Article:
Home Buying Tips: How to Avoid PMI and Why You Might Not Want To
Every homebuyer has been told to avoid PMI. But what is PMI, and why is it so terrible? PMI stands for Private Mortgage Insurance. Lenders used to expect a buyer to prove that he (they didn’t loan to women) had the self-discipline necessary to save up a 20 percent down payment.
Eventually, lenders decided this wasn’t necessary, although they were still wary of borrowers who put down less. Private Mortgage Insurance was created to ease their minds. PMI is insurance that pays out to the lender in case of default. It’s a bit like purchasing a co-signer. Unfortunately, PMI is expensive. Luckily, it can be avoided.
Putting down 20 percent is the best and simplest way to avoid PMI. You will sidestep PMI altogether, your monthly payments will be dramatically lower and your interest rate might be, too. You will also have built-in home equity.
Piggyback Loans with HELOC: If 20 percent down is not desirable or possible, “piggyback” loans are one alternative. The first mortgage will be for 80 percent of the home’s value, and a second mortgage or Home Equity Line of Credit (HELOC) for 10 to 20 percent of the home’s value will be arranged. Drawbacks include a higher interest rate or even an adjustable rate (ARM) on the second loan. Also, beware of balloon payments that require you to pay off a loan all at once.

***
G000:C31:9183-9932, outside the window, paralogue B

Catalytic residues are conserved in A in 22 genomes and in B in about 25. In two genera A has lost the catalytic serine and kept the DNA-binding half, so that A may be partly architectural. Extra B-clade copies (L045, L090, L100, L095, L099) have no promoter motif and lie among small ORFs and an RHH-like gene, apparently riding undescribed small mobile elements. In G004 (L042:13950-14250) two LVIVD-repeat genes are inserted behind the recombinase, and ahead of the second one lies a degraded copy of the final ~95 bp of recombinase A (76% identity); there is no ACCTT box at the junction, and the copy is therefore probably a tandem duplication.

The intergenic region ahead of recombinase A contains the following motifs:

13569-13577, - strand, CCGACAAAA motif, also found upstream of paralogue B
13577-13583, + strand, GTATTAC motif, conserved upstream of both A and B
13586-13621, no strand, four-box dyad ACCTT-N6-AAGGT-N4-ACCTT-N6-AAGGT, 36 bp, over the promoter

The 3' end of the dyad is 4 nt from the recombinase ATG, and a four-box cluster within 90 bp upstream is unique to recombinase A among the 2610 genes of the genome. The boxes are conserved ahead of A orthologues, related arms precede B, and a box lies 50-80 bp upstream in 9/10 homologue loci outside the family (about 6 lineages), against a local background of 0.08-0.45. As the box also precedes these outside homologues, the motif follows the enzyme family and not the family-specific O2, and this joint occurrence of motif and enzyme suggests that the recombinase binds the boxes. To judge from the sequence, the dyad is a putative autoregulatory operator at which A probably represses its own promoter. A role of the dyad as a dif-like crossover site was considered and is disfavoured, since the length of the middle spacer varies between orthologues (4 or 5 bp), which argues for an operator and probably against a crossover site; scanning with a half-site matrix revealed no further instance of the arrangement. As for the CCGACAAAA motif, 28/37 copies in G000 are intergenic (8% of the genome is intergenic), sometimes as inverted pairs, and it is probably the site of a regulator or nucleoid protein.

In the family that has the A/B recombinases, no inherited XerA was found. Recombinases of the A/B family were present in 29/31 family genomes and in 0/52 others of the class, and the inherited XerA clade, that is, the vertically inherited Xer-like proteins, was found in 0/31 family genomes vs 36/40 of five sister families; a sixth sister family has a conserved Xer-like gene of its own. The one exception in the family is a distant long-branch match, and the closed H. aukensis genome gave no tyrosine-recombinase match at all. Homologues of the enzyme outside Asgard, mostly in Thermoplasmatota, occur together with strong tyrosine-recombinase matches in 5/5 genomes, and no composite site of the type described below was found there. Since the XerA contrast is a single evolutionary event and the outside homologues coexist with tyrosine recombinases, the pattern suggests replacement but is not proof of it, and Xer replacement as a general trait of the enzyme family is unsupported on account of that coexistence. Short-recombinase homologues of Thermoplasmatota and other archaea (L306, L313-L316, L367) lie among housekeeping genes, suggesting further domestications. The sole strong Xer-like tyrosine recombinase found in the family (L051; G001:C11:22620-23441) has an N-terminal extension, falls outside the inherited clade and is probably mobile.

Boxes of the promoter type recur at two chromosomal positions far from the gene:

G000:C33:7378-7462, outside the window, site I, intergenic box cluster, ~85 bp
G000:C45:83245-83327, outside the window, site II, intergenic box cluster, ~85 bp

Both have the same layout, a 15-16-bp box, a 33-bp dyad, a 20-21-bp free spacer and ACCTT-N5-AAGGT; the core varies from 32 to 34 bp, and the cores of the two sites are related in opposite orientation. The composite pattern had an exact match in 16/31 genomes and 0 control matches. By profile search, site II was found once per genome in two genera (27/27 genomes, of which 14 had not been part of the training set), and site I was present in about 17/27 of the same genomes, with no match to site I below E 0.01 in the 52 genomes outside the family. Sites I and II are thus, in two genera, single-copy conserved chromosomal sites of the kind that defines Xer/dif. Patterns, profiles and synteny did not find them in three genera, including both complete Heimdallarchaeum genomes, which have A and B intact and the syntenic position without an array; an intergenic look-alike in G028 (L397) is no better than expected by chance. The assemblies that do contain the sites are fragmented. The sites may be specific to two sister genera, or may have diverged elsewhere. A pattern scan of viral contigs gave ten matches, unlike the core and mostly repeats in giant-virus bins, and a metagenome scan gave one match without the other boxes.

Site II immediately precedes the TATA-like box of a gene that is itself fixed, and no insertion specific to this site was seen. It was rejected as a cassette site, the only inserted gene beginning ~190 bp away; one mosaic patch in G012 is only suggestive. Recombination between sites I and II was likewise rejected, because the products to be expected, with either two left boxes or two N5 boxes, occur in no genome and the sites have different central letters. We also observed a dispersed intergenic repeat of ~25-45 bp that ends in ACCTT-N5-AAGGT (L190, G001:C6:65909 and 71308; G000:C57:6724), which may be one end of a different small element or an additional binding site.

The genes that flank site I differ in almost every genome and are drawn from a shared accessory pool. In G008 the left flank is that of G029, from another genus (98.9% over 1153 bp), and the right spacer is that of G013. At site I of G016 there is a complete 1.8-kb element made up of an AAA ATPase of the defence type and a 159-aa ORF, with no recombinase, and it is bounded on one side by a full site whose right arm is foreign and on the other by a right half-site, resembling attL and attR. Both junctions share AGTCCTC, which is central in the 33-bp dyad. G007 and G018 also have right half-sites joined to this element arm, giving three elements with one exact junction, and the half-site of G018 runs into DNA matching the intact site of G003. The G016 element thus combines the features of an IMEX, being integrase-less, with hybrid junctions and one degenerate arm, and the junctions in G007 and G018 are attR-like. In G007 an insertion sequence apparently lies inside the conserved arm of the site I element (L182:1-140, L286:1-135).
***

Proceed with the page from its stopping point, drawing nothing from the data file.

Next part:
If you find an extremely good deal that won’t last or if you are paying high rent that you will never get back, anyway, then paying more for either PMI or a higher interest rate may be cheaper in the long run than waiting to buy. Speak frankly with your mortgage broker or financial planner and have him or her run the numbers so you can determine the best deal for you.
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